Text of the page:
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Din & Daf: The World of Shevuot

Din & Daf: Conceptual Analysis of Halakha Through Case Study with Dr. Elana Stein Hain

The World of Court-Mandated Shevuot (Oaths)

Dr. Elana Stein Hain โ€“ย dinanddaf@hadran.org.il

Printable source sheet

The opening mishnah in Bava Metzia requires an oath to be taken in order to split the (value of the) garment being held by both parties. This brings us into the world of oaths between litigants. In this shiur, we will give an overview of that area of rabbinic law.

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ืฉื‘ื•ืขืช ื”ื“ื™ื™ื ื™ืŸ

  • ืฉืžื•ืช ื›ื‘:ื™

ืฉื‘ื•ืขืช ื”’ ืชื”ื™ื” ื‘ื™ืŸ ืฉื ื™ื”ื ืื ืœื ืฉืœื— ื™ื“ื• ื‘ืžืœืื›ืช ืจืขื”ื• ื•ืœืงื— ื‘ืขืœื™ื• ื•ืœื ื™ืฉืœื.ย 

An oath before God shall decide between the two of them that the one has not laid hands on the property of the other; the owner must acquiesce, and no restitution shall be made.

 

  • ืฉื‘ื•ืขื•ืช ืžื”.

ื’ืžืณ ื›ืœ ื”ื ืฉื‘ืขื™ืŸ ืฉื‘ืชื•ืจื” ื ืฉื‘ืขื™ืŸ ื•ืœื ืžืฉืœืžื™ืŸ ืžื ืœืŸ ื“ืืžืจ ืงืจื (ืฉืžื•ืช ื›ื‘, ื™) ื•ืœืงื— ื‘ืขืœื™ื• ื•ืœื ื™ืฉืœื ืžื™ ืฉืขืœื™ื• ืœืฉืœื ืœื• ืฉื‘ื•ืขื”:

GEMARA: The mishna teaches: All those who take an oath that is legislated by the Torah take an oath and do not pay. The Gemara asks: From where do we derive that oaths mandated by Torah law serve only to exempt one from payment? We derive it from the fact that the verse states: โ€œThe oath of the Lord shall be between them both, to see whether he has not put his hand on his neighborโ€™s goods; and its owner shall accept it, and he shall not make restitutionโ€ (Exodus 22:10). According to the verse, with regard to he who would otherwise need to pay, it is on him that the obligation to take the oath is imposed.

 

ืฉื‘ื•ืขื•ืช ืžืŸ ื”ืชื•ืจื”: (ื”ื ืชื‘ืข ื ืฉื‘ืข ื‘ื ืงื™ื˜ืช ื—ืคืฅ ื•ื ืคื˜ืจ ืžืœืฉืœื)

 

ืžื•ื“ื” ื‘ืžืงืฆืช ื”ื˜ืขื ื”

 

ืฉื‘ื•ืขืช ื”ืฉื•ืžืจื™ื

 

ืขื“ ืื—ื“ ืžืขื™ื“ ื›ื ื’ื“ื•

 

  • ืžืฉื ื” ืฉื‘ื•ืขื•ืช ื–:ืย 

ื›ืœ ื”ื ืฉื‘ืขื™ืŸ ืฉื‘ืชื•ืจื” ื ืฉื‘ืขื™ืŸ ื•ืœื ืžืฉืœืžื™ืŸ. ื•ืืœื• ื ืฉื‘ืขื™ืŸ ื•ื ื•ื˜ืœื™ืŸ: ื”ืฉื›ื™ืจ ื•ื”ื ื’ื–ืœ ื•ื”ื ื—ื‘ืœ ื•ืฉื›ื ื’ื“ื• ื—ืฉื•ื“ ืขืœ ื”ืฉื‘ื•ืขื” ื•ื”ื—ื ื•ื ื™ ืขืœ ืคื ืงืกื•โ€ฆ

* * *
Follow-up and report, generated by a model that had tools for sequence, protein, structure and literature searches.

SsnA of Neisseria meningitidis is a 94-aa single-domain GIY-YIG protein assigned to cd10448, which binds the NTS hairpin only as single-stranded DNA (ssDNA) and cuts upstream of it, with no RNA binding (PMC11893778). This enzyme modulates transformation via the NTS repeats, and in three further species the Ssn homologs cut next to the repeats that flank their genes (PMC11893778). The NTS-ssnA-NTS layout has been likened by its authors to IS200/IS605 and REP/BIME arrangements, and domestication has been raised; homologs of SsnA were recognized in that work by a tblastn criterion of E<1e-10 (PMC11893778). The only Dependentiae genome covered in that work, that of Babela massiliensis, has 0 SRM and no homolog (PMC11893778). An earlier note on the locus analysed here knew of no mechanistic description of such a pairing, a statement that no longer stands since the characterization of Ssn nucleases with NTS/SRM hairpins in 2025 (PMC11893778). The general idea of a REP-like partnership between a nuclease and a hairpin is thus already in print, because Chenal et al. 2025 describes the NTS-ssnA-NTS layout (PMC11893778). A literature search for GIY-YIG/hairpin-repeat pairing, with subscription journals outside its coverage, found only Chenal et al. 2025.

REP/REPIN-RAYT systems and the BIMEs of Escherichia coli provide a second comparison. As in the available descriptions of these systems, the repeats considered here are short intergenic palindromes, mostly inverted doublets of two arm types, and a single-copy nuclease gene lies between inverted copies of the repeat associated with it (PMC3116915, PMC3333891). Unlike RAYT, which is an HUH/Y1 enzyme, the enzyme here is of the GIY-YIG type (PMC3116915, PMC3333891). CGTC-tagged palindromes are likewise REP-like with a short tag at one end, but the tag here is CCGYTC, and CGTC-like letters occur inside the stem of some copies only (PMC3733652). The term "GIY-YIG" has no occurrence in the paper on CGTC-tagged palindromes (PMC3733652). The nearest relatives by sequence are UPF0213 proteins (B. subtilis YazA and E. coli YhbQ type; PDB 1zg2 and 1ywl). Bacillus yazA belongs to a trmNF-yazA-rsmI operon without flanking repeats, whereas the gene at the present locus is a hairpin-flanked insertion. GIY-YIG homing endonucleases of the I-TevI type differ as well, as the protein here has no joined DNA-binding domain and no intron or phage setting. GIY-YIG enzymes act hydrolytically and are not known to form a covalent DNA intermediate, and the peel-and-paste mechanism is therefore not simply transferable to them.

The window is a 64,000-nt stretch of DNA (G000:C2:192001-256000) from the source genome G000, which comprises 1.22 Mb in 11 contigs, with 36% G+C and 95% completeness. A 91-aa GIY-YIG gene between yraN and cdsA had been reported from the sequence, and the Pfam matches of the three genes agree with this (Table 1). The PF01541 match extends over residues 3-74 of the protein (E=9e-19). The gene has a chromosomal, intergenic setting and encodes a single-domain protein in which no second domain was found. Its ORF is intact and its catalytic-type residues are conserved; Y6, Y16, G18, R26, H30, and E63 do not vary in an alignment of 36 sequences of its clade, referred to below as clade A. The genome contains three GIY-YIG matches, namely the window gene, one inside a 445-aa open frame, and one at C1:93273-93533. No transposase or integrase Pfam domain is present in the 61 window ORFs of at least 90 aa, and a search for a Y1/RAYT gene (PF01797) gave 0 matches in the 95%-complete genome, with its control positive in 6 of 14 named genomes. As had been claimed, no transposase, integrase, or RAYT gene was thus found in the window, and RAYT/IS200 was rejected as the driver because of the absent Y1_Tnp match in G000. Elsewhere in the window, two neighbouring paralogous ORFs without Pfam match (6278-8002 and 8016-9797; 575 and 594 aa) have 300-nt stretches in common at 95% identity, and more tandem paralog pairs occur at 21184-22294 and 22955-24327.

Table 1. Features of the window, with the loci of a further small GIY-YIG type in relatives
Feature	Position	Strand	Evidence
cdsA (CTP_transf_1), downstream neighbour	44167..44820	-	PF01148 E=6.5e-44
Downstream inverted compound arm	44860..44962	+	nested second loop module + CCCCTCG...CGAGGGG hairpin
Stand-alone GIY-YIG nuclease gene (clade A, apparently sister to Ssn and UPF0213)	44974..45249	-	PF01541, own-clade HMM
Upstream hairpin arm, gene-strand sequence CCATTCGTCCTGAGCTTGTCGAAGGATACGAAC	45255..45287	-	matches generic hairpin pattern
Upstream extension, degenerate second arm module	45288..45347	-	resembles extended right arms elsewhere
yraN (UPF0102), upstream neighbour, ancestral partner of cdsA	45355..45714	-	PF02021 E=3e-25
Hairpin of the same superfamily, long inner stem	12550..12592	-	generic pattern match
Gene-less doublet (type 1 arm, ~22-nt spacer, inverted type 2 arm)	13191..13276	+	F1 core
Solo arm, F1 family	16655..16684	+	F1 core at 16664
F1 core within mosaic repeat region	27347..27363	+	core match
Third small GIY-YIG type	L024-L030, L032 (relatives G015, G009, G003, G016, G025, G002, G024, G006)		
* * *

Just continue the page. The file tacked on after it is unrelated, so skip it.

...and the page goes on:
All those who take an oath that is legislated by the Torah take an oath and do not pay. By Torah law, one takes an oath only in order to exempt oneself from a monetary claim. And these litigants take a rabbinically instituted oath and receive possession of the disputed funds or property, i.e., their claim is upheld by means of the oath, even though they are not in possession of the property in question

 

ืฉื‘ื•ืขื•ืช ืžื“ืจื‘ื ืŸ:ย 

 

ืฉื‘ื•ืขืช ื”ืžืฉื ื” (ื”ืชื•ื‘ืข ื ืฉื‘ืข ื‘ื ืงื™ื˜ืช ื—ืคืฅ ื•ื ื•ื˜ืœ)

 

  • ืฉื‘ื•ืขื•ืช ืž:

ืžื ื” ืœื™ ื‘ื™ื“ืš ืื™ืŸ ืœืš ื‘ื™ื“ื™ ืคื˜ื•ืจ: ืืžืจ ืจื‘ ื ื—ืžืŸ ื•ืžืฉื‘ื™ืขื™ืŸ ืื•ืชื• ืฉื‘ื•ืขืช ื”ื™ืกืช ืžืื™ ื˜ืขืžื ื—ื–ืงื” ืื™ืŸ ืื“ื ืชื•ื‘ืข ืืœื ืื ื›ืŸ ื™ืฉ ืœื• ืขืœื™ื•

The mishna teaches that if the claimant said: I have one hundred dinars in your possession, and the defendant responded: Nothing of yours is in my possession, he is exempt. Rav Naแธฅman says: And the court administers an oath of inducement [heisset], an oath instituted by the Sages, to him. What is the reason? There is a presumption that one does not make a claim unless he has a valid case against the other party. Therefore, even though there is no admission to part of the claim, the defendantโ€™s denial should be examined through an oath.

 

ืื“ืจื‘ื” ื—ื–ืงื” ืื™ืŸ ืื“ื ืžืขื™ื– ืคื ื™ื• ื‘ืคื ื™ ื‘ืขืœ ื—ื•ื‘ื• ืืฉืชืžื•ื˜ื™ ื”ื•ื ื“ืงื ืžืฉืชืžื™ื˜ ืœื™ื” ืกื‘ืจ ืขื“ ื“ื”ื•ื” ืœื™ ื•ืคืจืขื ื ืœื™ื”

The Gemara objects: On the contrary; there is a presumption that a person does not exhibit insolence by lying in the presence of his creditor to deny the entire debt. Therefore, the defendantโ€™s denial of the entire claim suggests that he is telling the truth. The Gemara answers that a debtorโ€™s categorical denial is not necessarily out of insolence; he may be temporarily avoiding paying him. He rationalizes doing so by saying to himself: I am avoiding him only until the time that I have enough money, and then I will repay him.

 

ืฉื‘ื•ืขื” ืžื“ืจื‘ื ืŸ:

 

ืฉื‘ื•ืขืช ื”ื™ืกืช: ื›ื•ืคืจ ื”ื›ืœ ื ืฉื‘ืข (ื”ื ืชื‘ืข ื ืฉื‘ืข ื•ื ืคื˜ืจ ื‘ืœื™ ื ืงื™ื˜ืช ื—ืคืฅ)

 

  • ืคื ื™ ื™ื”ื•ืฉืข ื‘ื‘ื ืžืฆื™ืขื ื”:

ืฉื ื•ื›ื™ ืžืื—ืจ ืฉื–ื” ืชืคื•ืก ื•ืขื•ืžื“ ื›ื•’ ืฉื‘ื•ืขื” ื–ื• ืœืžื”. ืคื™ืจื•ืฉ ื“ื›ื™ื•ืŸ ืฉืขื“ื™ื™ืŸ ืœื ื ืชืงื ื” ืฉื‘ื•ืขืช ื”ื™ืกืช ื‘ื™ืžื™ ื”ืžืฉื ื” ืืœื ื›ืœ ื”ืžื•ื—ื–ืง ื‘ื“ื‘ืจ ืคื˜ื•ืจ ืœื’ืžืจื™ ื•ื”ื™ื™ื ื• ืข”ื› ืžืฉื•ื ืฉืกืžื›ื• ืขืœ ื”ื—ื–ืงื” ืฉื›ืœ ืžื” ืฉื‘ื™ื“ ืื“ื ื”ื•ื ืฉืœื• ื•ืื—ื–ื•ืงื™ ืื™ื ืฉื™ ื‘ื’ื–ืœื ื ืœื ืžื—ื–ืงื™ื ืŸ ื•ื”ื› ื””ื  ื›ื™ื•ืŸ ืฉืฉื ื™ื”ื ืžื•ื—ื–ืงื™ื ื™ืฉ ืœื ื• ืœื•ืžืจ ื’”ื› ื—ื–ืงื” ืฉื”ื™ื ืฉืœ ืฉื ื™ื”ื ื•ืชืจื•ื•ื™ื™ื”ื• ื‘ื—ื–ืงืช ื›ืฉืจื•ืช ื”ื ื“ืงื•ืฉื˜ื ื“ืžื™ืœืชื ื“ืชืจื•ื•ื™ื™ื”ื• ื‘ื”ื“ื™ ื”ื“ื“ื™ ืื’ื‘ื”ื•ื” ืืœื ืฉื›ืœ ื’ ืื•ืžืจ ื‘ื“ื“ืžื™ ืฉื”ื•ื ื”ื’ื‘ื™ื” ืชื—ื™ืœื” ื“ื”ื ืœืฆืžืฆื ื•ืžื””ื˜ ื”ื™ื” ืœื ื• ืœื•ืžืจ ืฉื™ื—ืœื•ืงื• ื‘ืœื ืฉื‘ื•ืขื” ื•ืข”ื– ืžืฉื ื™ ื“ืชืงื ืช ื—ื›ืžื™ื ื•ื“ื•ืงื ื‘ื›ื””ื’ ืฉืฉื ื™ื”ื ืžื•ื—ื–ืงื™ืŸ ื‘ืฉื•ื” ืฉื™ื™ืš ืœืขืฉื•ืช ืชืงื ื” ื“ืฉื›ื™ื—ื ืžื™ืœืชื ื˜ื•ื‘ื ืฉื™ื•ื›ืœ ืื“ื ืœืชืคื•ืก ื‘ื“ื‘ืจ ื”ืื—ื•ื– ื‘ื™ื“ ื—ื‘ื™ืจื• ื•ืฉื™ืฉืœื˜ื• ื™ื“ื™ ืฉื ื™ื”ื ื‘ืฉื•ื”